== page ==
One group believes that the root cause of what is most wrong in their lives is the threat of implementation of the Affordable Care Act (or Obamacare as some prefer to call it).
The other group believes that the root cause of what is most distressing in their lives is… the Tea Party movement and its influence on the Republican Party.
This is, for both groups, far more than merely a work-related or ordinary civic cause. It is, for most in this debate, the defining question at the defining moment for each of them and everyone around them.
And each group is ridiculing the other for being ignorant and self-righteous and trying to ruin America. But the problem is that those doing the name calling don’t really know –or at least know well–what those they declaim are really like in their daily lives. They often only understand only a caricature or stereotype of their political rivals.
So, here is my modest proposal.
Since you have the week off and are presumably with family, please sit down with them and give each a single sheet of paper and a pen. Then ask each family member to write down the 5 things about you that in their opinion are causing the most trouble for you personally and for your family.
These are the people who know you best and have your best interest at heart–and theirs.
I doubt the “implementation of the ACA” or the “Tea Party movement” will make the cut on many of those lists. And I suspect you’ll be surprised by what does make the list.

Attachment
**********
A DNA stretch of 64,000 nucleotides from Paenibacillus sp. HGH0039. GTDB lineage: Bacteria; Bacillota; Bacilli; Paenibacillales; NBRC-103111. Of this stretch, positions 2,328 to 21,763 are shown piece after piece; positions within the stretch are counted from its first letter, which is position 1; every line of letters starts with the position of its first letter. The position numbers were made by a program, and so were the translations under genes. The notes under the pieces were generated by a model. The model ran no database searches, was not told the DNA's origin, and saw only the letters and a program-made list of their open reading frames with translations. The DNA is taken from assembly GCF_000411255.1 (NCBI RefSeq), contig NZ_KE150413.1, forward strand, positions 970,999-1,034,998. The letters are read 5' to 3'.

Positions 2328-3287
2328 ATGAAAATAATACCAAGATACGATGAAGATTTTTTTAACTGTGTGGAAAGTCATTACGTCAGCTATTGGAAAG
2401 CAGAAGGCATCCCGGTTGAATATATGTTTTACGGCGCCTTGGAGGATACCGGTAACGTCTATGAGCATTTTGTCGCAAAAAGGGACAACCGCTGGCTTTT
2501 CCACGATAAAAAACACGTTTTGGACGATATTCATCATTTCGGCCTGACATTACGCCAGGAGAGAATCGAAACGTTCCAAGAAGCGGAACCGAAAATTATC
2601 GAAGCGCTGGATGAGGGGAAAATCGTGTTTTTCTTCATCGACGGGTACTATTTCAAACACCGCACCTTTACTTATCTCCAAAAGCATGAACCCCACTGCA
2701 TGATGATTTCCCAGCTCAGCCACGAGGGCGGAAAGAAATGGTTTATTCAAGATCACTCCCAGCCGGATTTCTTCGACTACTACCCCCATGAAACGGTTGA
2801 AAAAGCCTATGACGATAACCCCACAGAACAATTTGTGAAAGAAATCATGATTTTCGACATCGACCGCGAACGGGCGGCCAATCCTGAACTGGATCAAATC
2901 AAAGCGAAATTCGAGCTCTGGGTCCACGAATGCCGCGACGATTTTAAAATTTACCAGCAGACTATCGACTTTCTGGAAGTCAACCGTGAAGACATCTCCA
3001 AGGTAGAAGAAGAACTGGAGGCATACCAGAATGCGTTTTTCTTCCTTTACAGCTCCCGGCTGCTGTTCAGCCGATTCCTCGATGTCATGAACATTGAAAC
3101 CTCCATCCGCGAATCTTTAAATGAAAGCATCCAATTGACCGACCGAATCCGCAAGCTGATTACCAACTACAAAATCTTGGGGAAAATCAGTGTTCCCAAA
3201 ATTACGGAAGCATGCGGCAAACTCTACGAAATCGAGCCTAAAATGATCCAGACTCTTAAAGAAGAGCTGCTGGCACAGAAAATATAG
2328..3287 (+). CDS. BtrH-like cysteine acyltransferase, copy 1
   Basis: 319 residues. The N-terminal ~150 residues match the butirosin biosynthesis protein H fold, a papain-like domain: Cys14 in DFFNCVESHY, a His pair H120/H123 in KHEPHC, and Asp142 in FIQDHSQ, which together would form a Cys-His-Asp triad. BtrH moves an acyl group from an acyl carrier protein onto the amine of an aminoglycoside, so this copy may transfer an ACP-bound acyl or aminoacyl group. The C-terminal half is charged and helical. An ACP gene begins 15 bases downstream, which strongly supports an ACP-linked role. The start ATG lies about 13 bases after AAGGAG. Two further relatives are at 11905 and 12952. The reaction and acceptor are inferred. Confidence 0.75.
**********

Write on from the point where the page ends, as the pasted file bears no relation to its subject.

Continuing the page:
And now here is the immodest part of my proposal. If that is truly what occurs, will you show the same visceral disdain and devotion to ridding those things from your life that really are causing daily pain to you and your family and those around you–and do so with the same resolve and enthusiasm you show today when railing against either Obamacare or Tea Partiers?
If you answer yes, then I suspect you’ll all be back at work sooner than planned.
And if the rest of us who are deeply engaged and emotionally invested in this national healthcare stand-off would try a similar experiment at our home —and devotedly seek to resolve those items written on our lists, I suspect next week will be a lot less testy and a lot more pleasant for each one of us. And that is good for our health—and the political health of our nation.